Menopause Per se Is Associated with Coronary Artery Calcium Score: Results from the ELSA-Brasil

J Womens Health (Larchmt). 2022 Jan;31(1):23-30. doi: 10.1089/jwh.2021.0182. Epub 2021 Sep 14.


Background: Menopause and aging deteriorate the metabolic profile, but little is known about how they independently contribute to structural changes in coronary arteries. We compared a broad cardiometabolic risk profile of women according to their menopausal status and investigated if menopause per se is associated with presence of coronary artery calcium (CAC) in the ELSA-Brasil. Materials and Methods: All participants, except perimenopausal women, who had menopause <40 years or from non-natural causes or reported use of hormone therapy were included. Sample was stratified according to menopause and age categories (premenopause ≤45 years, premenopause >45 years, and postmenopause); their clinical profile and computed tomography-determined CAC were compared using Kruskal-Wallis and chi squared test for frequencies. Associations of CAC (binary variable) with menopause categories adjusted for traditional and nontraditional covariables were tested using logistic regression. Results: From 2,047 participants 51 ± 9 years of age, 1,175 were premenopausal (702 ≤ 45 years) and 872 were postmenopausal women. Mean values of anthropometric variables, blood pressure, lipid and glucose parameters, branched-chain amino acids (BCAA), and homeosthasis model assessment (HOMA-IR), as well as frequencies of morbidities, were more favorable in premenopausal, particularly in younger ones. In crude analyses, CAC >0 was associated with triglyceride-rich lipoprotein remnants, dense low-density lipoprotein, BCAA, and other variables, but not with HOMA-IR. Menopause was independently associated with CAC >0 (odds ratios 2.37 [95% confidence interval 1.17-4.81]) when compared to the younger premenopausal group. Conclusion: Associations of menopause with CAC, independent of traditional and nontraditional cardiovascular risk factors, suggest that hormonal decline per se may contribute to calcium deposition in coronary arteries.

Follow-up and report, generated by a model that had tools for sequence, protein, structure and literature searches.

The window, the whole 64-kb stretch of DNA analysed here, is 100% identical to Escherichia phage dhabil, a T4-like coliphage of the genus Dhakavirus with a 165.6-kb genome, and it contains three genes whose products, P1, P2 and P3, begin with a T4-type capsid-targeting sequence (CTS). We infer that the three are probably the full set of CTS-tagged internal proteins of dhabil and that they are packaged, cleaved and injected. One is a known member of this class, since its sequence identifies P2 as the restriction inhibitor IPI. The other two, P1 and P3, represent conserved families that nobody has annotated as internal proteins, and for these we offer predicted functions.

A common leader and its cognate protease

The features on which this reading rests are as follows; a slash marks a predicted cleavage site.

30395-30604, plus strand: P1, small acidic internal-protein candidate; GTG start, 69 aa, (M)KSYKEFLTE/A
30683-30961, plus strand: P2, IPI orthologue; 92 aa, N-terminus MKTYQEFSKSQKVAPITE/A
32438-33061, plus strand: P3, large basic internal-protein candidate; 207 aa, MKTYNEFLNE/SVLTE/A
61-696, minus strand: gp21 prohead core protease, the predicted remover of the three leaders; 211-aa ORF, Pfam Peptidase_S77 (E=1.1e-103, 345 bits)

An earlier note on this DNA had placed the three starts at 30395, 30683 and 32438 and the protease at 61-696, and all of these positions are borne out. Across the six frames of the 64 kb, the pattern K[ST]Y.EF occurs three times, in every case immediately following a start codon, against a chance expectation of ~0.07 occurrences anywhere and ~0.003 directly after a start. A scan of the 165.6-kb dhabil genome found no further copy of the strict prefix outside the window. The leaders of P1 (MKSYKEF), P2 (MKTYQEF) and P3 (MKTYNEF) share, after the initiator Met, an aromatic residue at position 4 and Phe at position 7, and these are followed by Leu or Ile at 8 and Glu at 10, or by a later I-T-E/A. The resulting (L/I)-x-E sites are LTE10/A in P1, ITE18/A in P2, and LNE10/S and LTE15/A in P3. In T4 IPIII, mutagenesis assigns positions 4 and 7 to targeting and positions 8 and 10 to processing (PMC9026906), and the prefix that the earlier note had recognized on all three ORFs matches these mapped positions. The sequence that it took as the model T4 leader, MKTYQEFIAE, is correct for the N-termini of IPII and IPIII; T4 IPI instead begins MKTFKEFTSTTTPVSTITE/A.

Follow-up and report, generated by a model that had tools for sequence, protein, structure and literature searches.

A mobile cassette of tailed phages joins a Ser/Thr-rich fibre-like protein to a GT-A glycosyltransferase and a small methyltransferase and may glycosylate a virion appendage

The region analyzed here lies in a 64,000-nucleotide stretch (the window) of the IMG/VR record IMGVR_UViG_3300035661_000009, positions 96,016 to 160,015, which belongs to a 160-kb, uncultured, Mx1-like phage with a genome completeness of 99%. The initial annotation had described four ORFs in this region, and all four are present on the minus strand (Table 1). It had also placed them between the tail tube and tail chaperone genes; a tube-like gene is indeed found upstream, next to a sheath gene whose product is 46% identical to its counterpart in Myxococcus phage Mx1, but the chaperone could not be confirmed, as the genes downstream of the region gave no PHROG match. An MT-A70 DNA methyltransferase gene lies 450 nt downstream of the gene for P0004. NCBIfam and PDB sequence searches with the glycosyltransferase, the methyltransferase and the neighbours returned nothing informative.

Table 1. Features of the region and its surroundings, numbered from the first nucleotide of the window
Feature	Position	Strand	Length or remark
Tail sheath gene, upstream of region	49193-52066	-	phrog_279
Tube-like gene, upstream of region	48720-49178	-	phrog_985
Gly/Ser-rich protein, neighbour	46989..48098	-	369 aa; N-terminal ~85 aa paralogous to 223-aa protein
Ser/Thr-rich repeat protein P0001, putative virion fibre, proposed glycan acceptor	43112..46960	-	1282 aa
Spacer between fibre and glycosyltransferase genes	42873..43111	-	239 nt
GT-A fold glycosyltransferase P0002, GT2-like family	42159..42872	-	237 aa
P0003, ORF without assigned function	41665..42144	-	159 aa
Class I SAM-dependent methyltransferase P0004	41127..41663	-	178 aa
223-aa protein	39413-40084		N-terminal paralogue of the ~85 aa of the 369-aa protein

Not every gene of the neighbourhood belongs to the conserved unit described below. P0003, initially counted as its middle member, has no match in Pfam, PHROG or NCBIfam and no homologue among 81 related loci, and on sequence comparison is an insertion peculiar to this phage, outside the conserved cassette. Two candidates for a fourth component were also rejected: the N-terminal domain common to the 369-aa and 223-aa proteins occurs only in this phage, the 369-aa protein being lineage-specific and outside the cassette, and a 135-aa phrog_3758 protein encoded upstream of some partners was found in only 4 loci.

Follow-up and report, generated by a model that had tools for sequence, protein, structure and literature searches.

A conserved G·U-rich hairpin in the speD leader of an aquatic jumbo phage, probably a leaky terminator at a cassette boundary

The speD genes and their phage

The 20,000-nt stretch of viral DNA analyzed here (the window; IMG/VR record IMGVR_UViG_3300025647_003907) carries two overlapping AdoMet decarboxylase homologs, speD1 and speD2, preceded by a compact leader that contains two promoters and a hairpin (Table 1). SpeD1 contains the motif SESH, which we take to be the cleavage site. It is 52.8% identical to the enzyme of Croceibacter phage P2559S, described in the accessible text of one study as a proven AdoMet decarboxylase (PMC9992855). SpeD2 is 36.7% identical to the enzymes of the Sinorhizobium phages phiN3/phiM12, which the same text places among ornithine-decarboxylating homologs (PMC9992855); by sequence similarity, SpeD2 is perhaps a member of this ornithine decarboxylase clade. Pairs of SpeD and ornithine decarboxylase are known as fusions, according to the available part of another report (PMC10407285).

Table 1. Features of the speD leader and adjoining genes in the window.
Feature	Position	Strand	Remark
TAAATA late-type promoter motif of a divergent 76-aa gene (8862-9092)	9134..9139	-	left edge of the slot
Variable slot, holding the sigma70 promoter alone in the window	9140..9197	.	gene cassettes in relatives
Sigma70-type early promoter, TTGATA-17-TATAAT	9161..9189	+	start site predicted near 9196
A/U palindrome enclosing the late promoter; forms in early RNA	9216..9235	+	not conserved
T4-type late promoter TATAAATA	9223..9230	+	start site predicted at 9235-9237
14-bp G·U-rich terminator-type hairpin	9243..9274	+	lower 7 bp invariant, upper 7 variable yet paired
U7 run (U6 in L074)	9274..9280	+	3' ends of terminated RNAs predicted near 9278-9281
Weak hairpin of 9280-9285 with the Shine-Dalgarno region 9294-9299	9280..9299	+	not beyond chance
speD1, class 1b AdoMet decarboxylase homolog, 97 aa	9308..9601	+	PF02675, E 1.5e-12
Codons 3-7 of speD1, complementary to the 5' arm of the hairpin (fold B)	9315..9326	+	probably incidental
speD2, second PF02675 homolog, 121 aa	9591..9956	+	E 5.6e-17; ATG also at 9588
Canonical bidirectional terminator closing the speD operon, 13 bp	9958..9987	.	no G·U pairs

Keywords: CAC; branched-chain amino acids; coronary calcium; lipoprotein subfractions; menopause.

Publication types

  • Research Support, Non-U.S. Gov't

MeSH terms

  • Calcium*
  • Coronary Artery Disease* / diagnostic imaging
  • Coronary Artery Disease* / epidemiology
  • Female
  • Humans
  • Menopause
  • Middle Aged
  • Premenopause
  • Risk Factors


  • Calcium